From Reuters, via Yahoo News: Lawmakers seek to crack down on illegal immigrants. “Life for the estimated 10 million illegal immigrants living in the shadows in the United States could soon get even tougher as states and the federal government pass new legislation cracking down on them.” Tougher? Tougher? It wasn’t tough enough already? The article goes on with: “In several states, legislators have proposed and in some cases passed bills barring illegal immigrants and their families from receiving health, welfare and other public benefits.” Lovely. Yet another reason to make sure you go out and vote… to make sure that the people passing these laws understand we aren’t going to stand for them.
Hispanics and the 2004 Election – Population, Electorate and Voters, from Pew Hispanic Center. “Hispanics accounted for half of the population growth in the United States between the elections of 2000 and 2004 but only one-tenth of the increase in the total votes cast, according to a Pew Hispanic Center analysis of new data from the U.S. Census Bureau… As a result, a population increase of 5.7 million Latinos between 2000 and 2004 yielded only 2.1 million new eligible voters. In addition, Hispanic voter participation rates lag those of whites or blacks so that the number of Hispanic voters increased by just 1.4 million.” We have to do better. We have got to do better. We absolutely have to do better, or else.
Mexican food, as an industry, is doing well, according to a Hispanic Business article. In Eating up Profits they write: “Manufacturers on the Hispanic Business 500 face the same ups-and-downs as other producers, with one major exception: People still want to eat. Quite simply, consumers are eating more Mexican food. They also are eating more frozen food.” Good news, indeed. Of course, to those of us who have noticed the onset of taquerías and the additional salsa choices in the grocery story it’s nothing new.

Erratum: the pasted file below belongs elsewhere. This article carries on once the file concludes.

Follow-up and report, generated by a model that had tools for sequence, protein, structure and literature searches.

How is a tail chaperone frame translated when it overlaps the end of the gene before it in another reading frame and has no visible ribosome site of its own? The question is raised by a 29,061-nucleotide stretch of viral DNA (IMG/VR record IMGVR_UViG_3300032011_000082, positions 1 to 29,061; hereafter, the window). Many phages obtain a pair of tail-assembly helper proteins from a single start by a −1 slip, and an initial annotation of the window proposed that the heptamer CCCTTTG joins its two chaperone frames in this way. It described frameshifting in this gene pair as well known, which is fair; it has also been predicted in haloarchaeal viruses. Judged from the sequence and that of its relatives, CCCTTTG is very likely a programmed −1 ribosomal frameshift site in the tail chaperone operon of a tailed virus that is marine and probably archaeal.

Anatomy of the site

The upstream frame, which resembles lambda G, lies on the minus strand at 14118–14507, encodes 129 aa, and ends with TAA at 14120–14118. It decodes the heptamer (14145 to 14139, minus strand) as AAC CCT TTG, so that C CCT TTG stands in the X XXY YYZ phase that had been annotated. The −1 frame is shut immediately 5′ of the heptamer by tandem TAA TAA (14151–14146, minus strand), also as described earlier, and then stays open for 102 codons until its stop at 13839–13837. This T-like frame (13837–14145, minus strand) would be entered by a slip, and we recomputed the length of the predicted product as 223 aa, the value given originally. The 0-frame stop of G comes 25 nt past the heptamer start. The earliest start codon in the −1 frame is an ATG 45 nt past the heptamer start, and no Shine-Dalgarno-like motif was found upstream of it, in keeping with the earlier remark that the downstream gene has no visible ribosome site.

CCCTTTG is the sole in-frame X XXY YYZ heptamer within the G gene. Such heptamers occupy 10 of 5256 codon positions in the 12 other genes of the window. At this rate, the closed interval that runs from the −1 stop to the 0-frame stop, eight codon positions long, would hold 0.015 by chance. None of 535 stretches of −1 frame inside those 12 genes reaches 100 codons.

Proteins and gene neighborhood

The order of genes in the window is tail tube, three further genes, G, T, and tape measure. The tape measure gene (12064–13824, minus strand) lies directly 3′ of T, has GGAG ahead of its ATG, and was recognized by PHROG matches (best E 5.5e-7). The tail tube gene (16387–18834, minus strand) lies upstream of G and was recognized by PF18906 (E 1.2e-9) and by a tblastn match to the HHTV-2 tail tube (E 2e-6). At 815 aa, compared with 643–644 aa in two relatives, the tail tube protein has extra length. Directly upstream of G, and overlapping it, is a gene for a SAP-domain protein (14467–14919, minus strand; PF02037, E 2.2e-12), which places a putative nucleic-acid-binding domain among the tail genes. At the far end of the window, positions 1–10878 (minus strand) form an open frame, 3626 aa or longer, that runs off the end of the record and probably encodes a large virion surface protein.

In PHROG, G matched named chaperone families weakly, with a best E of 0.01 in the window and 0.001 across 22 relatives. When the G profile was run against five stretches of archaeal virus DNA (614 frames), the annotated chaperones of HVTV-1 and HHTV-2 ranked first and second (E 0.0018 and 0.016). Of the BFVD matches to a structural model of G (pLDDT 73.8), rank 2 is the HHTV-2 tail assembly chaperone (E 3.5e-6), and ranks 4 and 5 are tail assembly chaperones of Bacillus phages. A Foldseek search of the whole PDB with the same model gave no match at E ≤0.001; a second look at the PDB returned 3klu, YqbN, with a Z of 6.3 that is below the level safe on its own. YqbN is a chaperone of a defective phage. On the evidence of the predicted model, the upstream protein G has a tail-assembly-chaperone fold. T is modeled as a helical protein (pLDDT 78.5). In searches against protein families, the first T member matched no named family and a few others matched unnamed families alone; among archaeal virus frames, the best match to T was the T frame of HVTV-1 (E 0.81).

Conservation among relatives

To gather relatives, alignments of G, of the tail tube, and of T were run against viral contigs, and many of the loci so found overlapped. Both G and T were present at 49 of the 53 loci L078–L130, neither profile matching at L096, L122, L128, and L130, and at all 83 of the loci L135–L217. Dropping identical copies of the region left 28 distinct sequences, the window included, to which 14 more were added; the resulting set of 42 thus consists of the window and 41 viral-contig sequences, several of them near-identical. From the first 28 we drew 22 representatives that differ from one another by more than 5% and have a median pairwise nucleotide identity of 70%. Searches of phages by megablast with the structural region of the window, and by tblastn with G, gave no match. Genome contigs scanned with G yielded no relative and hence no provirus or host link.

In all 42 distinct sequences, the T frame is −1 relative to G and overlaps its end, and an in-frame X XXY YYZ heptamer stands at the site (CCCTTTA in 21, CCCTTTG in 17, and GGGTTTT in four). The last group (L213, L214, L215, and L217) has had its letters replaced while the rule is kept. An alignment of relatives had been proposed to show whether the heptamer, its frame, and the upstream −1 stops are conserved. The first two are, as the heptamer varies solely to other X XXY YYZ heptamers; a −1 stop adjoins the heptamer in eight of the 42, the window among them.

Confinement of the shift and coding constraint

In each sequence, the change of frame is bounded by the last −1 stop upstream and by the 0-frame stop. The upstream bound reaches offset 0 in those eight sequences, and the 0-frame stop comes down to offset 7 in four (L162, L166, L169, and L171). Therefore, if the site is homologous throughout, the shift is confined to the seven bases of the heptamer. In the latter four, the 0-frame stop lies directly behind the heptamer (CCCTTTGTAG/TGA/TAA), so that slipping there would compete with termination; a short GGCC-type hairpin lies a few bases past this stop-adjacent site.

I recently wrote about the Michael J. Fox Foundation’s targeting Hispanics for an educational campaign about Parkinson’s Disease then I came across this article: Alzheimer’s Research Recruitment, Treatments, Public Education Must Account For Cultural Beliefs at Hispanic Ad. “There are significant differences in awareness and beliefs about Alzheimer’s disease among ethnic groups, and health education programs should be tailored to account for these different understandings, according to new research presented today at the first Alzheimer’s Association International Conference on the Prevention of Dementia.” Didn’t I just say something similar about the misconceptions surrounding Parkinson’s? Different cultures have different knowledge bases, so you have to approach them differently. This is not an earth-shattering fact, just common sense. It’s also a fact that should be applied to all marketing and communications. If you don’t target your market accurately, you’re never going to achieve your goal. It doesn’t matter if your goal is to educate about a disease or sell a cell phone.